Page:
‘Nothing should be as favourably regarded as intelligence; nothing should be as generously rewarded as intelligence; nothing should be as confidential as the work of intelligence.’ Sun Tzu, The Art of War
It is possible that had the state paid any attention to Sun Tzu’s principles, our systems might have been better equipped to handle events that led to and occurred on 26/11. In India we have violated all these principles, more or less consistently but especially in these last few years, since after the time of Rajiv Gandhi. In the aftermath of the Mumbai massacres, and even before that, throughout 2008 questions about intelligence failures have been raised after each major terrorist act. However, Mumbai was more than just intelligence failure. Like Kargil it was also a systemic failure but the starting point is inadequate intelligence, the failure to connect the dots within the system and then the rest just happened as the world saw on TV.
Intelligence reforms without police reforms are pointless because the local policeman develops the strategic intelligence given by the central agencies. Police reforms without civil service reform are equally meaningless. And civil service reform without political reform is similarly meaningless.
It is unfortunate that for a country like ours that has had to deal with insurgencies and unending terrorism for sixty years, the political leadership and a civil bureaucracy has viewed the business of intelligence collection with disdain. Efforts to control have usually meant putting roadblocks and reducing intelligence functions to bureaucratic practices.
Any state that seriously wants to preserve or enhance its national interests needs statecraft that is a mixture of diplomacy, intelligence, military technology and economic power. No single instrument is powerful enough in the pursuit of national interests and all instruments have to be sharp and powerful but intelligence is an important function at all times, peace or war or between the two stages. Unless leaders equip themselves with a strong intelligence arm, they will continue to be surprised and making wrong choices.
In understanding the role of external intelligence we must first accept few basic truths. Even the best intelligence will not be a guarantee against all terrorist attacks or other nasty surprises but it will make the price higher, will be a deterrent and of immense help in investigations, instead of what happens at present where the investigating agencies are blindsided.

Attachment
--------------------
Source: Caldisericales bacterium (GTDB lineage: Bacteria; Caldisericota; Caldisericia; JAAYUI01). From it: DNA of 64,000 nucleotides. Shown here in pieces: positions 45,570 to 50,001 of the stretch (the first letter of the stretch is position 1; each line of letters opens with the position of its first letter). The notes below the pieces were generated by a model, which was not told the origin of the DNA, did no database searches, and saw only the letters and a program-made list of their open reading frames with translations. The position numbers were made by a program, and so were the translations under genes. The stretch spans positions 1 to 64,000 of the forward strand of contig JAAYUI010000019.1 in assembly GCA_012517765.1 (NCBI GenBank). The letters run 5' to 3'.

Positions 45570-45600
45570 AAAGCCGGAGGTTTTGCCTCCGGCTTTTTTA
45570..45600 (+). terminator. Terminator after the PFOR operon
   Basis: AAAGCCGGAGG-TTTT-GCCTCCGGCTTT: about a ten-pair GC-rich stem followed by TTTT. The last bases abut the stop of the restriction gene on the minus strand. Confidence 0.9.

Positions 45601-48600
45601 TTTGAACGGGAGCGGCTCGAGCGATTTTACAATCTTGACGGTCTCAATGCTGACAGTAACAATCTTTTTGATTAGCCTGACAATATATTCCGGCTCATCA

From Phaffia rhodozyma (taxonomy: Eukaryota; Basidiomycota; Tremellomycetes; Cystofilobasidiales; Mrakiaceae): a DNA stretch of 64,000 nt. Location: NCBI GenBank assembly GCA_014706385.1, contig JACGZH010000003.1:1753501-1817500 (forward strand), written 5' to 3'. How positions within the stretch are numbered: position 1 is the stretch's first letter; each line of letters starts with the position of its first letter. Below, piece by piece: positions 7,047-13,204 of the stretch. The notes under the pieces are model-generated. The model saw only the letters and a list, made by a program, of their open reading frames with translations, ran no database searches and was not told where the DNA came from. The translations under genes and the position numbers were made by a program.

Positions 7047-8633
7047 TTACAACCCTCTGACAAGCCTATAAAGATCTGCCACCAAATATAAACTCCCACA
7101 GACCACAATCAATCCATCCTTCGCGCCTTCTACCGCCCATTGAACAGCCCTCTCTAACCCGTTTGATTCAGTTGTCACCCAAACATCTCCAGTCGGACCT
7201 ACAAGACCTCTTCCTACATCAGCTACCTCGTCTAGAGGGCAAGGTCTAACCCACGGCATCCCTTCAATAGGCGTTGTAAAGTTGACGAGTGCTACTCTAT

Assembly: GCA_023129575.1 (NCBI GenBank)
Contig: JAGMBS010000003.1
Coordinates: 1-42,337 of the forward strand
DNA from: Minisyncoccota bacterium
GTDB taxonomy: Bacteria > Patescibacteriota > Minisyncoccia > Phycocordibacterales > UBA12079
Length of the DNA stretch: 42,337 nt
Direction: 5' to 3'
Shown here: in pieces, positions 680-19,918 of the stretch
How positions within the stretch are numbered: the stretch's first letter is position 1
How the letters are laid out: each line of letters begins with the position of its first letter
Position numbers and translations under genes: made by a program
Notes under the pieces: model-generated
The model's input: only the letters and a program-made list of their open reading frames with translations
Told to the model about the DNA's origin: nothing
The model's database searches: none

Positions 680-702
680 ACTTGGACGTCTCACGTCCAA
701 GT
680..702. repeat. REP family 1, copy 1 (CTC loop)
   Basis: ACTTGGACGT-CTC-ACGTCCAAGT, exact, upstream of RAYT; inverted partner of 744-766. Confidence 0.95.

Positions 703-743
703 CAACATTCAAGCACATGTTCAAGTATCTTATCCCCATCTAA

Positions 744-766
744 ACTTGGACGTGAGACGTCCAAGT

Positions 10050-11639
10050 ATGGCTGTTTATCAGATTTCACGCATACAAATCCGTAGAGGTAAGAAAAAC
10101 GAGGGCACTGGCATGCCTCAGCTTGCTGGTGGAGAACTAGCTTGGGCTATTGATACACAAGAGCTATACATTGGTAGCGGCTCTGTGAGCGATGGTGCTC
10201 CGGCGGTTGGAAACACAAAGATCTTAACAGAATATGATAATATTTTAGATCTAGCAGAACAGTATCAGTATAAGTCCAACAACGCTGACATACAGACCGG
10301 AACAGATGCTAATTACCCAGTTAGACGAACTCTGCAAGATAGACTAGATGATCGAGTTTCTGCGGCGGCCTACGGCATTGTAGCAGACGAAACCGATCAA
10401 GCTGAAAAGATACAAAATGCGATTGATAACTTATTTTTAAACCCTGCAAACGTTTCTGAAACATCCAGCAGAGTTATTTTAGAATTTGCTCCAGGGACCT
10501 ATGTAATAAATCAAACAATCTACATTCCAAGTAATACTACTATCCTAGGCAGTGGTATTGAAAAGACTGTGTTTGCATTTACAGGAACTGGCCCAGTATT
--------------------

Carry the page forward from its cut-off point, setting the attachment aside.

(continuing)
Secondly, intelligence is not just by the IB or R&AW or DIA; in case of terrorism it is the local state units in the district and the sub-division that have to perform.
Third, since external intelligence operates on foreign soil, it is an extra-legal or even illegal activity. That is why governments need the cover of plausible deniability since relations between sovereign powers could get adversely affected even ruptured because of clandestine activities. That is also why preserving an intelligence operative’s identity becomes vital but is often not understood. It is not a quirk of personality or a desire for mystery that makes an intelligence operative uncomfortable when he is exposed as so often happens in India. In fact the best intelligence operatives are those who have a passion for anonymity although in the Indian system this is impossible.
IT-driven globalisation also covers the criminal world. Interaction between narcotics smugglers, arms merchants, human traffickers and terrorists is that much easier, faster and safer. They all have access to sophisticated denial and deception techniques.
Further, intelligence is often an amalgam of information and data from various sources — technical of various kinds and human sources, all of which is converted into knowledge by skilled analysts. But all this is not enough because intelligence is as good as the process that converts this information into knowledge and the ability of the ultimate user to assimilate this intelligence.
Intelligence is generally considered evil because it is secret, therefore it must be controlled by transients who are either biased or ignorant about the methods and needs. There is therefore an absurd expectation among some wise people that intelligence agencies and their methods should be made transparent. At the other end of the spectrum is the declining professionalism among the agencies where they have been resorting to leaks to protect themselves. Presumably in an atmosphere of uncertainty and a highly politicised bureaucracy, this is another way to save one’s gaddi — when sycophancy ceases to work.